Striking with a combination of extreme and graded climate events—from hurricanes to wildfires and rising sea levels—climate change is reshaping cities and fundamentally altering human life.
Last year was a record-breaking year in terms of disasters and the fifth consecutive year with an above-average hurricane season, according to the U.S. National Oceanic and Atmospheric Administration.
Some places, such as Los Angeles, are experiencing nearly every climate impact on the books, including rising sea levels causing “king tides,” wildfires displacing entire neighborhoods and devastating heat days that leave vulnerable people in the hospital, Kristen Pawling, sustainability program director at Los Angeles County’s Chief Sustainability Office, told Multi-Housing News.
“Both the chronic and acute hazards arising from climate change are putting more and more people, property and infrastructure at risk,” Katharine Burgess, vice president of Urban Resilience at the Urban Land Institute, said.
According to Burgess, most U.S. infrastructure is designed according to standards informed by past weather conditions and, therefore, it is not prepared for the changing conditions caused by acute and long-term climate events.
Philip Kash, partner at HR&A Advisors, also points out that inevitably, the effects of climate change will lead to higher capital expenditures, business disruption, reduced economic activity, increases in insurance premiums and decreases in building or land value.
Reevaluating climate risks
Residents, developers and investors are all reevaluating where to move and what markets to invest in.
For example, Louisiana is actively experiencing the impacts of climate change, which is fueling a migration out of southern Louisiana. “The creation of the Coastal Protection and Restoration Agency restricted investments in infrastructure, and lenders and insurers are pulling out of the market,” Kash explained.
Real estate investment managers are increasingly considering climate impacts, not just at the site or building level, but also at the city or market level, Burgess said, referring to the findings of a ULI report in collaboration with real estate investment manager Heitman.
Investors are seeking to understand which markets are the most vulnerable to the impacts of climate change and are also beginning to look at places where local governments have proactively invested in climate-ready infrastructure, resilient design guidelines, or are encouraging development at sites least susceptible to future impacts, Burgess explained.
Considering climate havens
From raising roads and building sea walls in Miami to installing cool roofs in Los Angeles, several cities are working on creating resilience strategies to remain competitive in the future.
Meanwhile, cities isolated from extreme weather are strategically preparing for future climate events, providing a haven to residents who are either voluntarily or forcefully displaced due to climate change.
In anticipation of climate change-induced migration, cities in the Rust Belt region, such as Duluth, Minn., Cincinnati and Buffalo, N.Y, are actively positioning themselves as future climate havens. Thanks to the cooler climate, access to freshwater via the Great Lakes, minimum risk to wildfires and coastal storms, these cities could become attractive places to live in as climate change intensifies, Kash points out.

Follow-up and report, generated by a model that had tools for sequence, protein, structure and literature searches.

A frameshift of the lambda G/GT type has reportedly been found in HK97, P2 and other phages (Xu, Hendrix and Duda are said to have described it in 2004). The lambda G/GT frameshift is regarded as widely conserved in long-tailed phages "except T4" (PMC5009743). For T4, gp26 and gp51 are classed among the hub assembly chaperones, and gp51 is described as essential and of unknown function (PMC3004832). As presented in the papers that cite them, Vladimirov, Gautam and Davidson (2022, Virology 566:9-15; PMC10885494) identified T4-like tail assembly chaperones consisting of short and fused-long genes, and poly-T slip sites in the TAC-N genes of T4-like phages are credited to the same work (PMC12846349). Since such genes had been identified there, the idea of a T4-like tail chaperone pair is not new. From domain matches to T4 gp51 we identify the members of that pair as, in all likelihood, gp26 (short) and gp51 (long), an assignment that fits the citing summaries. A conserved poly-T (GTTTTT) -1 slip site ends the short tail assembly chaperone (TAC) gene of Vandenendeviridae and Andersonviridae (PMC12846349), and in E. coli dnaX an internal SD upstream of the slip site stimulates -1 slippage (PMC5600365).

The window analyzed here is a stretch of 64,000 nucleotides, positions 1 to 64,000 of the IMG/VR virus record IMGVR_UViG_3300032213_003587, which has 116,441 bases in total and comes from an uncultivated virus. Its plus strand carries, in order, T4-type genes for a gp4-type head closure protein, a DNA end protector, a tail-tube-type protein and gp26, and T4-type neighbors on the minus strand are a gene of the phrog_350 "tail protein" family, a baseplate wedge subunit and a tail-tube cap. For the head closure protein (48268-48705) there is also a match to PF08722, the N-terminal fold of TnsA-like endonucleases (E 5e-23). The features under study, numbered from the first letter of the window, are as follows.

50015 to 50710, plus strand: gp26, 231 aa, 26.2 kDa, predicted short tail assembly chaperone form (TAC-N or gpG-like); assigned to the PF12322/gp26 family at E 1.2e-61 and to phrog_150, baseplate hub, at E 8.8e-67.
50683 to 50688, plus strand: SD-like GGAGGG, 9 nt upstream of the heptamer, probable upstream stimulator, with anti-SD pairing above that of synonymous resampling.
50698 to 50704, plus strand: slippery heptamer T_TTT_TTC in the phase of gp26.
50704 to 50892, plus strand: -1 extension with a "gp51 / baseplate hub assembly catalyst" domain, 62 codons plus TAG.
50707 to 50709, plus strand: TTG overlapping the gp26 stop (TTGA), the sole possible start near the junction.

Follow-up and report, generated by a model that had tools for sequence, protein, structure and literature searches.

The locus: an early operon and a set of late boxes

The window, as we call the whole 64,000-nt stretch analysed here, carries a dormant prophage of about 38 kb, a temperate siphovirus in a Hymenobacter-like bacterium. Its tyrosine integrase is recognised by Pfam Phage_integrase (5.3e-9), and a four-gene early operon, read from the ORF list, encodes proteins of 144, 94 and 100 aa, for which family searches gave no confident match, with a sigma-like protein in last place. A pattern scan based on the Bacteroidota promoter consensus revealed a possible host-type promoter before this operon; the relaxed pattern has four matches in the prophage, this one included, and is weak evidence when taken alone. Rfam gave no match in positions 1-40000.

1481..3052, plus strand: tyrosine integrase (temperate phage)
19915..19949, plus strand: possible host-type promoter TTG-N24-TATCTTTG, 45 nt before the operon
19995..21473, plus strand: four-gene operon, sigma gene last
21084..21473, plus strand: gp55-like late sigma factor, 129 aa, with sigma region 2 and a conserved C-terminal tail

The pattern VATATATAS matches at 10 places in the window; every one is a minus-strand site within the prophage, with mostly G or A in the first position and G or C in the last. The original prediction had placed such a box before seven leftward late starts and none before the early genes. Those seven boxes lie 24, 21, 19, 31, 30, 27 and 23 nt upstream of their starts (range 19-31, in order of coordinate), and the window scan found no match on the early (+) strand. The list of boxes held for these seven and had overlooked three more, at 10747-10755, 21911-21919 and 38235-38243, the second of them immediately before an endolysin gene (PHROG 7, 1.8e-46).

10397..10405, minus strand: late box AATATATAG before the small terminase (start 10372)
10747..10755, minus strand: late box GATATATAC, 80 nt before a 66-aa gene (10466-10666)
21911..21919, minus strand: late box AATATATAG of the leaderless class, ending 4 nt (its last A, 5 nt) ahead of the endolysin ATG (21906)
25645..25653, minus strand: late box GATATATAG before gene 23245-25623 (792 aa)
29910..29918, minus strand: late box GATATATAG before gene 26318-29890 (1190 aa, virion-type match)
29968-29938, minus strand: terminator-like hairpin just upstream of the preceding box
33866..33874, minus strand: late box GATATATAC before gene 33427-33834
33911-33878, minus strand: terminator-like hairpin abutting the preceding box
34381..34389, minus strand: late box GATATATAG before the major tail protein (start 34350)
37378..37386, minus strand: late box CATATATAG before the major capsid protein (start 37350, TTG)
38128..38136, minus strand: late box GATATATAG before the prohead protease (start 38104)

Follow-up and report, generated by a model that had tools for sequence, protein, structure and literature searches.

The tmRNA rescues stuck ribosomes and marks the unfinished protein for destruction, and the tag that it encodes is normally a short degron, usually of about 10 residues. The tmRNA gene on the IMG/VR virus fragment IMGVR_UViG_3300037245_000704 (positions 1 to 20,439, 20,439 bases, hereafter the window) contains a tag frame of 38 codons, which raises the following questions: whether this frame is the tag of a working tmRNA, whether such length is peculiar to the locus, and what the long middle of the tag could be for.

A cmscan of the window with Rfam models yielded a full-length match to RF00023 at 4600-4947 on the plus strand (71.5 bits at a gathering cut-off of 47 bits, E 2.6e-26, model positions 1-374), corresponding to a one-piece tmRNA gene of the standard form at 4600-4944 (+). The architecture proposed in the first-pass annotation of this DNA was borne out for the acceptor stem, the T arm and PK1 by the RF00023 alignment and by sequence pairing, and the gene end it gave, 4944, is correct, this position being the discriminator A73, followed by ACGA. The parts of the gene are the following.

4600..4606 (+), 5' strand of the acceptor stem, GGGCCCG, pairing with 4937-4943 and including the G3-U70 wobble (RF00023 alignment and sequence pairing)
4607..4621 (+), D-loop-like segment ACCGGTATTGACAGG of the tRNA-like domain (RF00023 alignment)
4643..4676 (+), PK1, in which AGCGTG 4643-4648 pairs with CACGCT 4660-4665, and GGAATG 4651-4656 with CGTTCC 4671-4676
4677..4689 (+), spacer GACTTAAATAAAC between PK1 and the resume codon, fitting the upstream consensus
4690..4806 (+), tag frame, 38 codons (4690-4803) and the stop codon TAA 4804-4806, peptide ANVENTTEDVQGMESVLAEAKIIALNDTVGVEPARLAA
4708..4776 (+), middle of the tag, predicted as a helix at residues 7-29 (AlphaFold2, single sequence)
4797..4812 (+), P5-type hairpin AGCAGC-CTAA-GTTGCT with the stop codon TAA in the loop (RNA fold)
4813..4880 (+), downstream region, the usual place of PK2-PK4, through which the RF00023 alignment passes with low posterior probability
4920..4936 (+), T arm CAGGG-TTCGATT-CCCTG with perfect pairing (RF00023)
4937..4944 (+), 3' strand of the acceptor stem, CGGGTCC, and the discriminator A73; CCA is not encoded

However, climate change is only one factor people consider when they decide to move. They will look for places with strong local economies and employment opportunities. Therefore, if the Rust Belt markets want to attract future climate migrants, they need to prioritize creating jobs.
Moreover, these cities should also consider upfront investments to ensure they are prepared to absorb, provide opportunities to and meaningfully welcome new residents, according to Kash. “This includes promoting narratives that connect residents and neighbors, which can change the perception of the displaced population,” he explained.
Beyond all this, the receiving communities, together with the real estate industry, need to make sure that there’s enough housing across all income levels. As more vulnerable citizens might be the ones who will be forcefully displaced, cities need to prepare for future growth with affordability in mind.
“Taking an equity-centered approach is essential to cities and regions improving quality of life for people as they consider where to live in the era of climate change,” Pawling said.
Not quite there yet
Meanwhile, Kash argues that if we examine current housing policies, laws tied to land use and infrastructure investments, which all drive the national affordability crisis, it becomes clear that most cities are not yet actively planning for growth or expansion.
However, cities such as Minneapolis; Durham, N.C.; Sacramento, Calif., or Portland, Ore.—which are prioritizing the missing middle housing—will be better positioned than those that continue to have restricting land use approaches, Kash added.
Without a doubt, climate change is transforming cities and it’s both a challenge and an opportunity for future growth. Cities should do the work now to reduce the calamities of the future—such as economic disruption, social and political conflicts and environmental degradation—that climate change might lead to.
As the real estate industry has the capacity to literally rebuild cities, it is important for the sector to actively participate in building against climate change.
“Real estate is an important player to have at the table, so I encourage the industry to proactively engage with public decision-makers about what efforts they have underway to prepare for climate change,” Pawling concluded.